Friday, September 30, 2016

687 Unit Development in Lloyd Cinemas Parking Lot Approved

According to NextPortland, the Design Commission has approved the redevelopment of the Lloyd Cinemas parking lot. Plans include 677 apartment units and 12 live-work spaces, along with 37,780 square feet of retail, 536 parking spaces, and 1304 long term bike spaces. The architect is Holst Architecture. A pedestrian pathway dividing the site links Sullivan's Gulch to the MAX stop. Read More.

Tuesday, September 27, 2016

In Portland Tribune Interview, Eudaly and Novick Discuss Rent Control

The Editorial Board of the Portland Tribune interviewed City Council Commissioner Steve Novick and his opponent, Chloe Eudaly on a number of issues at the forefront of the coming election in November. Eudaly claimed Novick was disinterested in affordable housing, and also suggested the City of Portland could enact rent control despite a statewide ban. Novick argued that the state should overturn the ban, and called for a "much bigger discussion" of a rent control policy in Portland. Read more.

Monday, September 26, 2016

Associated Press: Portland Hospitals Join Health Care Plan to Donate $21.5 Million for Affordable Housing

The Associated Press reported on Friday that five major Portland hospitals and a nonprofit health care plan will donate $21.5 million toward construction of nearly 400 affordable housing units. The funds will be part of a larger $69 million capital plan. The donors are OHSU, Adventist Health, CareOregon, Kaiser Permanente, Legacy Health and Providence.

Construction on the 382 units is expected to begin in 2017 and with opening in 2018. Read more.

Oregonian Editorial: The Consequence of Rent Control is More Expensive Housing

In a weekend editorial, the Oregonian Editorial board writes it cannot support rent control. The reason: the unintended consequences include more expensive housing. Read more.

Friday, September 23, 2016

New High Rise Apartment Building in Pearl District Approved by Design Commission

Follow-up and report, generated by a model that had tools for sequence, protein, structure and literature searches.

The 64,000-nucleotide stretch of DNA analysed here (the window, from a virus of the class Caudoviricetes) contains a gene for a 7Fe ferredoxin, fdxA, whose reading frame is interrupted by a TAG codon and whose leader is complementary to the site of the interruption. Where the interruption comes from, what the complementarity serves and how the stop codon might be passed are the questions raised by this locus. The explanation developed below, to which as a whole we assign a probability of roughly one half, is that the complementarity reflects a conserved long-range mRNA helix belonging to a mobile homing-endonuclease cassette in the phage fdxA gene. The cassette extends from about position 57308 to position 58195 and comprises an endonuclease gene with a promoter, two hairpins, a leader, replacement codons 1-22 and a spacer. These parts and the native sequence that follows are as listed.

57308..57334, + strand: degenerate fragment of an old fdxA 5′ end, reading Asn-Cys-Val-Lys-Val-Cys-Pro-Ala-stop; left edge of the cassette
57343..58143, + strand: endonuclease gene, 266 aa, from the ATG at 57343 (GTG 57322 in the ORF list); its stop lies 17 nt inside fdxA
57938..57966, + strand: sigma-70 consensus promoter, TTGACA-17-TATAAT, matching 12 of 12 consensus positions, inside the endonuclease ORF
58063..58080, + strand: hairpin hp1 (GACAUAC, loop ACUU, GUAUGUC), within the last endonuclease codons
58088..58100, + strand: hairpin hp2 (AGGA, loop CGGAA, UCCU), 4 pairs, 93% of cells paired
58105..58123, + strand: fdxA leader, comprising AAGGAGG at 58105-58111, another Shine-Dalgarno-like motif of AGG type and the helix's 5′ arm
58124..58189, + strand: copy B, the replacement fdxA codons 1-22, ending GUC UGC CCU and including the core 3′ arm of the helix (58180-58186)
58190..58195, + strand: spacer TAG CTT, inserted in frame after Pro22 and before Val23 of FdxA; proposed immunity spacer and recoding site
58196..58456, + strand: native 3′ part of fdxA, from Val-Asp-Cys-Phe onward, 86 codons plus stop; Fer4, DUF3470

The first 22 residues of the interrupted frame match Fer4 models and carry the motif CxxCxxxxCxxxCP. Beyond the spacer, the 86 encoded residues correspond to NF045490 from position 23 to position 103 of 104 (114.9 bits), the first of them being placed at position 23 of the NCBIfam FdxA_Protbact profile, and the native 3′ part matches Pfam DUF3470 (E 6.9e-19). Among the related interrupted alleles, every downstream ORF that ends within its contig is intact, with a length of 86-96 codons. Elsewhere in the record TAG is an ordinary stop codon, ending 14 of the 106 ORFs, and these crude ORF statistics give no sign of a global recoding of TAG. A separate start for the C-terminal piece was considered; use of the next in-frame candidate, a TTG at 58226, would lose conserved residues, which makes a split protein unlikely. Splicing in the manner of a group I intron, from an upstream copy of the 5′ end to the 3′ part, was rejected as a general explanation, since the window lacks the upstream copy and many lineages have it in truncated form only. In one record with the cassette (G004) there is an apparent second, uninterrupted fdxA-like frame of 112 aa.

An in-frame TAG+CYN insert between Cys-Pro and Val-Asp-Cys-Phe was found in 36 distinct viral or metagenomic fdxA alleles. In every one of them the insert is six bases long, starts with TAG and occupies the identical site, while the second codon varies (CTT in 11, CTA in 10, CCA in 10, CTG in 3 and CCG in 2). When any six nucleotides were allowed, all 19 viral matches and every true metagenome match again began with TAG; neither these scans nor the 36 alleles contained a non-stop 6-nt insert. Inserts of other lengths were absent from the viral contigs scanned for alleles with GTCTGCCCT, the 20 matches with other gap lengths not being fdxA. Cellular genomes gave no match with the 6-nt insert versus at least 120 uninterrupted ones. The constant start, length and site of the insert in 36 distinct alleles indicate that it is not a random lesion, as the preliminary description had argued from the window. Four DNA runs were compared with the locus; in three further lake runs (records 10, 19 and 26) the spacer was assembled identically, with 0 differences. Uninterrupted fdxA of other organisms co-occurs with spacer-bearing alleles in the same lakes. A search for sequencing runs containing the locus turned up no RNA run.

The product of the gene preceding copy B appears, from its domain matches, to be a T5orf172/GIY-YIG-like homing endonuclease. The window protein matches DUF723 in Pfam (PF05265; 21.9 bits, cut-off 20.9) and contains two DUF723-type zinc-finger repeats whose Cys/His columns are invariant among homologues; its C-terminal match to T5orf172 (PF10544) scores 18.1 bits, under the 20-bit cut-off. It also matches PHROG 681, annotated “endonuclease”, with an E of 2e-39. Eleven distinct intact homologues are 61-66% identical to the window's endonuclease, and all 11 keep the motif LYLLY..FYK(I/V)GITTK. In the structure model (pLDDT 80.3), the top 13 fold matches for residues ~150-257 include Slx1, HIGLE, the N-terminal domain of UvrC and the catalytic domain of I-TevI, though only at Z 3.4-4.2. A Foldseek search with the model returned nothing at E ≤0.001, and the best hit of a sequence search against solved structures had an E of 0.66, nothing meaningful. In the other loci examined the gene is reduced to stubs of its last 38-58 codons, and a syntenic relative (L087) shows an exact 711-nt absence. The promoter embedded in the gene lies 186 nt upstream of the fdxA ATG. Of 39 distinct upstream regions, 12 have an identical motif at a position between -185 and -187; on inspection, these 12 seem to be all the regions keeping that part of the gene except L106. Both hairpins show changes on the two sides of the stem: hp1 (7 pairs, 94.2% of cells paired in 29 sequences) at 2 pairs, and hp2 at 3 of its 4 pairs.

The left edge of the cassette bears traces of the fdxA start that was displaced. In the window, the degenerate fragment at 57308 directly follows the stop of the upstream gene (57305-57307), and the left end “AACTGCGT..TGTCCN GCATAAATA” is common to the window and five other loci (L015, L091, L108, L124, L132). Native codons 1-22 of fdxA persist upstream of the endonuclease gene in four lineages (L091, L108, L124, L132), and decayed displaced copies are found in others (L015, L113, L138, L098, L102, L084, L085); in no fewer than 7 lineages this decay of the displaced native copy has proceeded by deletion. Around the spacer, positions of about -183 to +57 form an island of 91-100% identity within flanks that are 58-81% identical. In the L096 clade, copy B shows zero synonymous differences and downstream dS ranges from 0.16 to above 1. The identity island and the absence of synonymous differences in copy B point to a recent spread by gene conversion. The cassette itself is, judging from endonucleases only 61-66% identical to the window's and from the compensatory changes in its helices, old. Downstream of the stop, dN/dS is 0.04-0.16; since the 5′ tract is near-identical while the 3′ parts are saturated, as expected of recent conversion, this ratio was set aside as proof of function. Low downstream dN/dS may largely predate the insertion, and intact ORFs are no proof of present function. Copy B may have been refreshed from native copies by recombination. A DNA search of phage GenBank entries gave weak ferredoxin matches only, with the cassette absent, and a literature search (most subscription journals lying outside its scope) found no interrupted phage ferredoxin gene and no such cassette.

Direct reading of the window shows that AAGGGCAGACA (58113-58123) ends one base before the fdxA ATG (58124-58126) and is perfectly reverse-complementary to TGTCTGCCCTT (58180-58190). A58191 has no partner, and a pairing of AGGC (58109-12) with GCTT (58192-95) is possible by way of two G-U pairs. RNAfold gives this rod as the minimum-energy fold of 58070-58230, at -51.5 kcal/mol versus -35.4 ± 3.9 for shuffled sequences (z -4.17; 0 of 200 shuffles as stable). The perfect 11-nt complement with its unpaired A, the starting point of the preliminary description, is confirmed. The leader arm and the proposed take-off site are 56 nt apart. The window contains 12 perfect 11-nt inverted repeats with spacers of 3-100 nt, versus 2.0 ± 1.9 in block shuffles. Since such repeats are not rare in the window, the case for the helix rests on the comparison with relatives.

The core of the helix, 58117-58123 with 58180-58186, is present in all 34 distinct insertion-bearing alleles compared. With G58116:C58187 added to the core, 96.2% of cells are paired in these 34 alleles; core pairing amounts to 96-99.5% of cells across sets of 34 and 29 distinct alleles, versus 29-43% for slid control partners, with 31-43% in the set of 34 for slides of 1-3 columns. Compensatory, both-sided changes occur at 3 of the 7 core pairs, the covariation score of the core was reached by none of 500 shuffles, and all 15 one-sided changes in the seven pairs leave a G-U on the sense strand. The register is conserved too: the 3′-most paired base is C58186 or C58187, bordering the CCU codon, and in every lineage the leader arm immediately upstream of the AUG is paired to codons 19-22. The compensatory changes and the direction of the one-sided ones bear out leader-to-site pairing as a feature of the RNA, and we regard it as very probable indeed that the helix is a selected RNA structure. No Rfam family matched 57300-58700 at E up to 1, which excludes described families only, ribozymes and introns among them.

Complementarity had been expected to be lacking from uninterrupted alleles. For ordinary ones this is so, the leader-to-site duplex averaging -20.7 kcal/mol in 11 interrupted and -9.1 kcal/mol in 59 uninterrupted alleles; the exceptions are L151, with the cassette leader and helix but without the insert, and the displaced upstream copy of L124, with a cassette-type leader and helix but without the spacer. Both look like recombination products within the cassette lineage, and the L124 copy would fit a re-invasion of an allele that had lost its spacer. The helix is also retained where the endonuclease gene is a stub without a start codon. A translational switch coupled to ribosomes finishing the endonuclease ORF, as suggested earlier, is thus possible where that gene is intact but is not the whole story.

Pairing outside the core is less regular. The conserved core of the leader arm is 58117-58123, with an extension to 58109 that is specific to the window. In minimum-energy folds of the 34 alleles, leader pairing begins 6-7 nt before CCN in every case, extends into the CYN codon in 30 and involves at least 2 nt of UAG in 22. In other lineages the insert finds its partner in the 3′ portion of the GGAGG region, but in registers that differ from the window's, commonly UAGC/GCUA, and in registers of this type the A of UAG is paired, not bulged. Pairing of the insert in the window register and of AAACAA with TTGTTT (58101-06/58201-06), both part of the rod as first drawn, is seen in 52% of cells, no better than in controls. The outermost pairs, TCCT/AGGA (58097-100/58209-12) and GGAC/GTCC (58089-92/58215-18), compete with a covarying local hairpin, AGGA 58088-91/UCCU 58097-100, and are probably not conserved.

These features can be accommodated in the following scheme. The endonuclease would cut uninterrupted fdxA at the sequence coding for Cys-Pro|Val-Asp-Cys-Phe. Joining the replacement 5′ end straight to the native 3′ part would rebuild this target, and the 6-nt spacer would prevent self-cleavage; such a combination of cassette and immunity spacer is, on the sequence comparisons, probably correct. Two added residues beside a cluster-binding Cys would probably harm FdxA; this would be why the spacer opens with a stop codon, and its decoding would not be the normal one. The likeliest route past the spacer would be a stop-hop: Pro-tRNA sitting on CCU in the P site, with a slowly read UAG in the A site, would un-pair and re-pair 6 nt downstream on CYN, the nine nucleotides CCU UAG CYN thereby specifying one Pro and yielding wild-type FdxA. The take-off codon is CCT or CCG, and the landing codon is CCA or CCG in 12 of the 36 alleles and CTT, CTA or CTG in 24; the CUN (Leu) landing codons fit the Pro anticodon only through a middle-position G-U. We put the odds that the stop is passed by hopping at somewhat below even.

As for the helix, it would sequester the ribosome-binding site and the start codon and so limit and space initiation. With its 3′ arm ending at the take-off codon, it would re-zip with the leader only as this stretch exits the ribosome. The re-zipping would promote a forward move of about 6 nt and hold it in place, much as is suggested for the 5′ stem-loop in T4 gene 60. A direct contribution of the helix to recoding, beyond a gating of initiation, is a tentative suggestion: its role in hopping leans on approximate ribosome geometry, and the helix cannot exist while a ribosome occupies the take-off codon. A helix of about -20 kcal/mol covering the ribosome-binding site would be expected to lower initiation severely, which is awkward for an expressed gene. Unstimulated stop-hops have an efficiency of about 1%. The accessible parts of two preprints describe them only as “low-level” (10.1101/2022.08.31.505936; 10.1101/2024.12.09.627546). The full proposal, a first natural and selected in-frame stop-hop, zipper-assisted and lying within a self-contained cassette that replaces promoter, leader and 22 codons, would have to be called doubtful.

NextPortland reports that the Modera Davis, a 204-unit, 12-story apartment building that will be located at NW 10th and Davis, was approved by the Design Commission.  Along with the apartment units, the plan includes 7,600 square feet of ground floor retail, 145 parking spaces in a below grade garage, and 308 long term bicycle spaces. Amenities include a fitness room, club room, dog lounge, dining room, and terraces. The half block site is the current location of jazz bar Jimmy Mak's. Read More.

Thursday, September 22, 2016

More Accolades: Money Magazine calls Portland "Best Place To Live" (in the West) for 2016

September, 2017
Money Magazine

Population                    622,004
Median Home Price     $349,000
Average Property Tax  $4,285
Unemployment Rate    4.7%

Portland is the place where Portlandia seems more documentary than satire. Farm-to-table restaurants, stretched earlobe rings, craft-beer-swilling hipsters, and cries of “Bicycle right!” are common in this burgeoning Pacific Northwest city. But that quirky spirit, coupled with a vibrant tech culture, is precisely why people are moving here—or moving back.

“When I graduated from the University of Oregon in the ’80s, my college counselor told me to leave the state because there were no jobs,” says Leslie Carlson, a partner with Brink Communications, a small firm that combines social activism and marketing. That’s not a problem today. Portland’s unemployment rate stands at 4.7%, and its 3.3% job-growth rate puts it in the top 10 of large U.S. cities. The arrival of technology companies including wind-power giant Vestas, home-sharing site Airbnb, and venture-backed Puppet Labs has earned treelined Portland the nickname “Silicon Forest.”

Evictions Process in Portland Comes Under Scrutiny

The Portland Mercury did an investigation into the evictions process and contentious landlord-tenant relationships. It points to wide political support for ending no-cause evictions, and dissatisfaction among tenants who feel like winning is "impossible" in the court system as it now exists. The article also offers Clark County as an example of a region with a better system for adjudicating landlord-tenant disputes. Read More.